‘Shreveport Captains’ win another Texas League title

Call it apropos; maybe ironic or simply coincidental. But as the last rites are being administered to Fair Grounds Field, and a demolition company has begun taking mighty swings at Shreveport history with a wrecking ball, the Frisco RoughRiders stormed the field in Wichita, Kansas, to celebrate a Texas League baseball championship.

Yes, those RoughRiders — the franchise that bolted this city and that stadium 20 years ago.

The dichotomy certainly wasn’t lost on the RoughRiders’ vice president of community development and executive director of the RoughRiders Foundation, Breon Dennis, who joined the celebration and got hands on the trophy.

“I felt like I was lifting Shreveport-Bossier and North Louisiana on my shoulder,” Dennis, a Shreveport native, told The Journal. “It was a long time coming. I spent a lot of time at Fair Grounds Field chasing down those baseball cups with ice cream, trying to collect all the teams.

“To be a part of a championship with the Frisco RoughRiders, aka Shreveport Captains, is huge.”

The baseball dreams for the Byrd graduate were created inside the stadium that used to inspire and foster imagination, but was left to rot into an eyesore along Interstate 20.

Dennis was still a teenager when manager Ron Wotus and players like Bill Mueller and Rich Aurilia led the real Shreveport Captains – then an affiliate of the San Francisco Giants – to their final Texas League title (1995).

“My favorite memory was seeing Royce Clayton,” said Dennis, who earned degrees from Bossier Parish Community College and Dallas Baptist University. “He was famous for replacing Ozzie Smith at shortstop for the St. Louis Cardinals, but was with the Giants organization at the time. Our paths later crossed when he played for the Texas Rangers. “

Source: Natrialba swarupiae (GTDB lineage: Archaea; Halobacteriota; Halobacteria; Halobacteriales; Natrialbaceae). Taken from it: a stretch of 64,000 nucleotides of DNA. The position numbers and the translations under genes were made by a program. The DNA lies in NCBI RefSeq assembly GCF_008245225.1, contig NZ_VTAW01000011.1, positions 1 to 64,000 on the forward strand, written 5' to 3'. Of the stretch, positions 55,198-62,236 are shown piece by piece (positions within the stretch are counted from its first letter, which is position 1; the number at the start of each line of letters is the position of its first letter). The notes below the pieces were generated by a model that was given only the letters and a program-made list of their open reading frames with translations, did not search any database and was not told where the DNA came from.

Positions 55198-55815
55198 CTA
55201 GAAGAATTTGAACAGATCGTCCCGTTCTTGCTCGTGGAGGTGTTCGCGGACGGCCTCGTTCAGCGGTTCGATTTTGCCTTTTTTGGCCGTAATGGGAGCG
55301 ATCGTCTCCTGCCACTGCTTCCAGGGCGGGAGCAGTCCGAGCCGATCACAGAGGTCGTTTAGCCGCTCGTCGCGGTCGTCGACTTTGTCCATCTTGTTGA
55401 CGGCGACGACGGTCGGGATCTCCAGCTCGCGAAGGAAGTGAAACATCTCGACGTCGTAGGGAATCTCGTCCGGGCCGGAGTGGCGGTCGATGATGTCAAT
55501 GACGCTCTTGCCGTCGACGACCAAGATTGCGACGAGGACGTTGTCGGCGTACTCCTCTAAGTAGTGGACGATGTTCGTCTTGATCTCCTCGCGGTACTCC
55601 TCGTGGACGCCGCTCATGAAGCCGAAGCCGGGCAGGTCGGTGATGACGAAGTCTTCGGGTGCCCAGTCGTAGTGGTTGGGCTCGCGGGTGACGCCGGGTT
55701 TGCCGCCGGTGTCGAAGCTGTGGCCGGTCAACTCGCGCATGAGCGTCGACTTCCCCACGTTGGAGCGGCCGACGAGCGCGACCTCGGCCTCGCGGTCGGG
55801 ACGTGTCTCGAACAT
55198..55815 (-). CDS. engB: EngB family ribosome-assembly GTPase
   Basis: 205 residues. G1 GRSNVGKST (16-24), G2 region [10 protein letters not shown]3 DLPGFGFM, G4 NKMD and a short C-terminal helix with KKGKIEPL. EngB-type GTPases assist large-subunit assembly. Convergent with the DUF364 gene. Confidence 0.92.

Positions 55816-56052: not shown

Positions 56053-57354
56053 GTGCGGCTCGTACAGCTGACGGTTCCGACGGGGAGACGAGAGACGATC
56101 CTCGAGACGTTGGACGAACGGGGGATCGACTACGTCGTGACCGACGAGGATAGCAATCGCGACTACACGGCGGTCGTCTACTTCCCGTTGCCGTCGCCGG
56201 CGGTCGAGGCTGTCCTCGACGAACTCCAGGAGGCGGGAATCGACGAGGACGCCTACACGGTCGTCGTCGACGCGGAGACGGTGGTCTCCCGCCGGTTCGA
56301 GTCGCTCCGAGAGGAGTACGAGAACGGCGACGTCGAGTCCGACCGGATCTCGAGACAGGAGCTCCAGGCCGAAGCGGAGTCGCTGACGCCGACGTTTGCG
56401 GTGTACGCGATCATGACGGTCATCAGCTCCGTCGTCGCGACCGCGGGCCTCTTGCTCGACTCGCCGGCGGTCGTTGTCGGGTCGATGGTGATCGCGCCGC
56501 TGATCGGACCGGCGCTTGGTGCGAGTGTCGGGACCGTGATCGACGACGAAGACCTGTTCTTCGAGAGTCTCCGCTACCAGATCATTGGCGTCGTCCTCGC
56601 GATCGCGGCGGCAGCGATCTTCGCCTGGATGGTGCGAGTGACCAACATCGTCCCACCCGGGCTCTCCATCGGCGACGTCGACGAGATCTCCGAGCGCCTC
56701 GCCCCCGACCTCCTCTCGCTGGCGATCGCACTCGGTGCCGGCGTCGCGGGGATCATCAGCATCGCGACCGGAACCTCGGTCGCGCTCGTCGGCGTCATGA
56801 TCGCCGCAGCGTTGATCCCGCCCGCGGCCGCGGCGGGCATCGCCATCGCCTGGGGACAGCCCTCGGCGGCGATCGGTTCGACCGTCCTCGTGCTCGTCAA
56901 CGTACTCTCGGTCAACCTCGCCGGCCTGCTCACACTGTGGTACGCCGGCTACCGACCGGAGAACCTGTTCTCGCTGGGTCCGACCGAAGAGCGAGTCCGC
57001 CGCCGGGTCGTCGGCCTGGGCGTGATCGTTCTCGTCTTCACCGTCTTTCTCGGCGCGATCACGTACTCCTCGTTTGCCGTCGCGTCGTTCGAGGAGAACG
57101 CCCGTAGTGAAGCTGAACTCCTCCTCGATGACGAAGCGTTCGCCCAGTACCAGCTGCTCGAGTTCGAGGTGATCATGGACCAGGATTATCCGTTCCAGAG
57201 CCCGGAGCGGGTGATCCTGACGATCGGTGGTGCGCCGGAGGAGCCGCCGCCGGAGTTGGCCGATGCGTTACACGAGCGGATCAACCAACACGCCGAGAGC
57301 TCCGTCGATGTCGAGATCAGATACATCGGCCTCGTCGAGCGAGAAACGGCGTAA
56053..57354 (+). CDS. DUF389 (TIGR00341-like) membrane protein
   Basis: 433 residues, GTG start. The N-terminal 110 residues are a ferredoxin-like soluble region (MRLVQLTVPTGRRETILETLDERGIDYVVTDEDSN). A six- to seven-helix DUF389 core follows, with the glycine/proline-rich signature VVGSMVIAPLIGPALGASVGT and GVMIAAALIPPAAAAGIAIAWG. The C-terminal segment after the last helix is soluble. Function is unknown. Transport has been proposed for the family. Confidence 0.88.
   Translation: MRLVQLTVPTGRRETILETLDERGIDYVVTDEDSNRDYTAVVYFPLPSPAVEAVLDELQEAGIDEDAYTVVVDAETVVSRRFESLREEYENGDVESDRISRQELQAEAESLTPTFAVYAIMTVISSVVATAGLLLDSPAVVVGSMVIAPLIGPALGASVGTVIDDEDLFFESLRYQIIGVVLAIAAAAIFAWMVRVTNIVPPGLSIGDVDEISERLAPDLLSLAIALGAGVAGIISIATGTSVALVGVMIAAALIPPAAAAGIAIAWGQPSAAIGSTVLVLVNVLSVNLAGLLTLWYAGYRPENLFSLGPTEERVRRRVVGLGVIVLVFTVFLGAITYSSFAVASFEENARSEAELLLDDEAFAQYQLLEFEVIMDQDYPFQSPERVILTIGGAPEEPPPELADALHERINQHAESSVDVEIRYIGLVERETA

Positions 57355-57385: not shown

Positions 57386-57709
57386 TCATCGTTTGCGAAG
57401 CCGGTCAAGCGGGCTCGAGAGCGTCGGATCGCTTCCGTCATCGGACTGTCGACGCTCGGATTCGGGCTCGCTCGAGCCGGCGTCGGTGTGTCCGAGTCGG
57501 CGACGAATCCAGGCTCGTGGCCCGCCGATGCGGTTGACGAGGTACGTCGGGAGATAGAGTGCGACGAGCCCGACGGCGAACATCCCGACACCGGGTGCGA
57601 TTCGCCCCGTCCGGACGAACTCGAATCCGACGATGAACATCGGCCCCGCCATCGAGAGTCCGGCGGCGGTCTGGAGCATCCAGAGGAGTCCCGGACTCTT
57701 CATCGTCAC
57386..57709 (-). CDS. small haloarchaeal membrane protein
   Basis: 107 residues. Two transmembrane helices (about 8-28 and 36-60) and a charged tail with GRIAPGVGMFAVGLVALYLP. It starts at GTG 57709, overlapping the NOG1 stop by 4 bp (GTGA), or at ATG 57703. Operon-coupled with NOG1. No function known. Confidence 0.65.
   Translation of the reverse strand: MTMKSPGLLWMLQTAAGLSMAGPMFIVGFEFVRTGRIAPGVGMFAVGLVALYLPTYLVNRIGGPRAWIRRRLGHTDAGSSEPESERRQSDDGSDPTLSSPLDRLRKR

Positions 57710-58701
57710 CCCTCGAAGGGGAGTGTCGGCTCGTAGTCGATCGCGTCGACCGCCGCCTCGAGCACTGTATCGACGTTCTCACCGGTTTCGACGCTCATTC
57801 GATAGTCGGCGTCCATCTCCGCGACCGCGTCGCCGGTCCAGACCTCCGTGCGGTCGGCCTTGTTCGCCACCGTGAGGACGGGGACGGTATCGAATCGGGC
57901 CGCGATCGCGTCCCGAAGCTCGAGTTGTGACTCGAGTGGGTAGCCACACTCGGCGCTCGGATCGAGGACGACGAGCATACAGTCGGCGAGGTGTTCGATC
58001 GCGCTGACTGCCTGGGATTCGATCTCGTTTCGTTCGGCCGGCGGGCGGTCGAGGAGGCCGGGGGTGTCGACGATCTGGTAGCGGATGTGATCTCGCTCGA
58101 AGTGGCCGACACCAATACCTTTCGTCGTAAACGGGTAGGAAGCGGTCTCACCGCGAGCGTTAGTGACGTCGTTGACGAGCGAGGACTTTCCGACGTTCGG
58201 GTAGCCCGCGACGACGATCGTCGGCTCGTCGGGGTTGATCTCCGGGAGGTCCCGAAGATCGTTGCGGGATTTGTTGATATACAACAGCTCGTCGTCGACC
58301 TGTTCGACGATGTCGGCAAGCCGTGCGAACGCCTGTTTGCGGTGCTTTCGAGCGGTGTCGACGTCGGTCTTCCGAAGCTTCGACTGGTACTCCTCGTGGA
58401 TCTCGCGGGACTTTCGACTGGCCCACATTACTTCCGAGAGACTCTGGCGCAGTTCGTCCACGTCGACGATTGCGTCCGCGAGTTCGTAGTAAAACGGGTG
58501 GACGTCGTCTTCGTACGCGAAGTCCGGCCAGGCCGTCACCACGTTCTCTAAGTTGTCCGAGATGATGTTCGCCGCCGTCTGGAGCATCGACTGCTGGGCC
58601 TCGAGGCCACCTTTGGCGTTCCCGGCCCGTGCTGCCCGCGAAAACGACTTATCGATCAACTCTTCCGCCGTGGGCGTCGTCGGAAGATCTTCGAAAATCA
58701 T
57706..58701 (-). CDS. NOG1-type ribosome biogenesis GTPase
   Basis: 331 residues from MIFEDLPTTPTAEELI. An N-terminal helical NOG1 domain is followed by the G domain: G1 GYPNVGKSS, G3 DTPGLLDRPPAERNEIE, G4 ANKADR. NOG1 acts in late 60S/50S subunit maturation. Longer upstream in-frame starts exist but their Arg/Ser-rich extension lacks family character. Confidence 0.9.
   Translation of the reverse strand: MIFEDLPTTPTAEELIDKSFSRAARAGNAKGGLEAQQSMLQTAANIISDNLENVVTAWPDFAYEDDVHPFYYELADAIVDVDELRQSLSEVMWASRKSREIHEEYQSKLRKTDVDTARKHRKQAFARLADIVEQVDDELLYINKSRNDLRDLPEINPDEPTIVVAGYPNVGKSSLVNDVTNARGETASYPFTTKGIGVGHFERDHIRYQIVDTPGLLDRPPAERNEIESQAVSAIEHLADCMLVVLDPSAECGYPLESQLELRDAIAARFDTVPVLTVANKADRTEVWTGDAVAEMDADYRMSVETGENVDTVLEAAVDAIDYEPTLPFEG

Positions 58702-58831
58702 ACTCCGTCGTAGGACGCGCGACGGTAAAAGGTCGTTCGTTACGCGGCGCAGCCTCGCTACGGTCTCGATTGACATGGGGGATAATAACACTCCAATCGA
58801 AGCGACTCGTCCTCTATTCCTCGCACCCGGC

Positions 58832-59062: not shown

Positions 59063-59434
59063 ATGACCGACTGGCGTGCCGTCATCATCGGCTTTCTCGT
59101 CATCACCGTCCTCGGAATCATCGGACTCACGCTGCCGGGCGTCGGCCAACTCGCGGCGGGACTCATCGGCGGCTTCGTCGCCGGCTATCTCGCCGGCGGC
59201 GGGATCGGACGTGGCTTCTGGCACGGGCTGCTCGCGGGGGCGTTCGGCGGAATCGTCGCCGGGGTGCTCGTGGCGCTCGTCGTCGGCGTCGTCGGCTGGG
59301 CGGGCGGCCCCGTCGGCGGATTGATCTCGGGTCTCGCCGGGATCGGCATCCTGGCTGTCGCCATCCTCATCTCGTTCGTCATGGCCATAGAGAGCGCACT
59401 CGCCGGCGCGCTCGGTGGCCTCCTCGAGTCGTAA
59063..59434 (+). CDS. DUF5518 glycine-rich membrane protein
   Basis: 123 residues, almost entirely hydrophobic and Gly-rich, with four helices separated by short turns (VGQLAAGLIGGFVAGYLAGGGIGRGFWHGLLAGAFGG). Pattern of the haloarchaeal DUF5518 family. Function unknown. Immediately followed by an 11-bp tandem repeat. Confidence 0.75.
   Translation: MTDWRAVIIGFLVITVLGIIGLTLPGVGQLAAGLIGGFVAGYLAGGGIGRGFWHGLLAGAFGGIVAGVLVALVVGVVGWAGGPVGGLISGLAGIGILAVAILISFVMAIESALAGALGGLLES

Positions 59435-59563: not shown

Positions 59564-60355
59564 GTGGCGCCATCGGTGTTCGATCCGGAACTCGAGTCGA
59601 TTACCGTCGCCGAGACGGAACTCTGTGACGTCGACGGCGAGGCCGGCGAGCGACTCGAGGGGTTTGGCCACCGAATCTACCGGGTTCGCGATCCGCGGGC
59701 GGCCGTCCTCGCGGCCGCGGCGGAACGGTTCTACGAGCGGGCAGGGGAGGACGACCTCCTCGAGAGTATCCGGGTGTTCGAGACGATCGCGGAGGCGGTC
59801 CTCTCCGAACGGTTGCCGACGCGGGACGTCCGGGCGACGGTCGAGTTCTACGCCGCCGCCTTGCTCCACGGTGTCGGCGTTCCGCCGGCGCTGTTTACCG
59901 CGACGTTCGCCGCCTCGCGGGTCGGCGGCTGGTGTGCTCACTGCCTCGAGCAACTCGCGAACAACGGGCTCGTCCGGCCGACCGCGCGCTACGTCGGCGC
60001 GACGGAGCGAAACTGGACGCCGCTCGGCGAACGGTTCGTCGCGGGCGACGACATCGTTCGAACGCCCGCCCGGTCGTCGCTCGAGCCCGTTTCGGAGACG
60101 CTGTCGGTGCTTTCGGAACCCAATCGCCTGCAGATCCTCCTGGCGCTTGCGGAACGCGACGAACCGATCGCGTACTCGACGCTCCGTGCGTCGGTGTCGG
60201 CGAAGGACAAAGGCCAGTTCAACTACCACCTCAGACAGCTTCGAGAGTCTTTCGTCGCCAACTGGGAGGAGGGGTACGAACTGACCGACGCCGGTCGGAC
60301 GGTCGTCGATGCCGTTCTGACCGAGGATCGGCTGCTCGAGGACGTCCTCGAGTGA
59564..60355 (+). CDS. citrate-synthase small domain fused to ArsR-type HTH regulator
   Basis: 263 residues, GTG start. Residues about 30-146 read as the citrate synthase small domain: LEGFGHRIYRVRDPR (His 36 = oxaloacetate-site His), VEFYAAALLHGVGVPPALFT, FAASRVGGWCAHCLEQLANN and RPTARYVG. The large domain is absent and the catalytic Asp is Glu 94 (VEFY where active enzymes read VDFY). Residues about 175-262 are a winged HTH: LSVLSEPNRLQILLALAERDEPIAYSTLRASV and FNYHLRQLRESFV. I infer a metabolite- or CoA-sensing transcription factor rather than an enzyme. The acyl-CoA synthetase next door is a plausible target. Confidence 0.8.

Dennis broke into baseball with the Texas Rangers in 2000. During more than a decade in Arlington, Dennis served as senior director of baseball programs and assistant vice president of community outreach and the youth ballpark.

Despite two decades in the Metroplex, Dennis still looks for ways to spotlight his hometown. During his time with the Rangers, he rolled out the red carpet for the HUB softball team, a squad made up of mostly homeless players that competed in a SPAR league.

Next year, Dennis says the RoughRiders’ 20th anniversary wouldn’t be complete without a “Shreveport” night. The festivities could include the presence of former Captains and fans.

“It makes sense,” Dennis said. “We’ll have to get with the visitors bureau or the sports commission. There are so many people from North Louisiana over here. It would be great to be able to spotlight those people in North Texas.”

As for the death of Fair Grounds Field, the host for so many of Dennis’ childhood memories? His answer may come as a surprise.  

“I love it. We have to be visionaries and get back on the map,” Dennis said. “It’s long overdue. We need to put it in perspective and appreciate it for what it is, put an historical marker at the spot and make some new memories.

“Now it’s about, ‘How do we make the region of North Louisiana, as well as East Texas, thrive.’”

Contact Roy at roylangiii@yahoo.com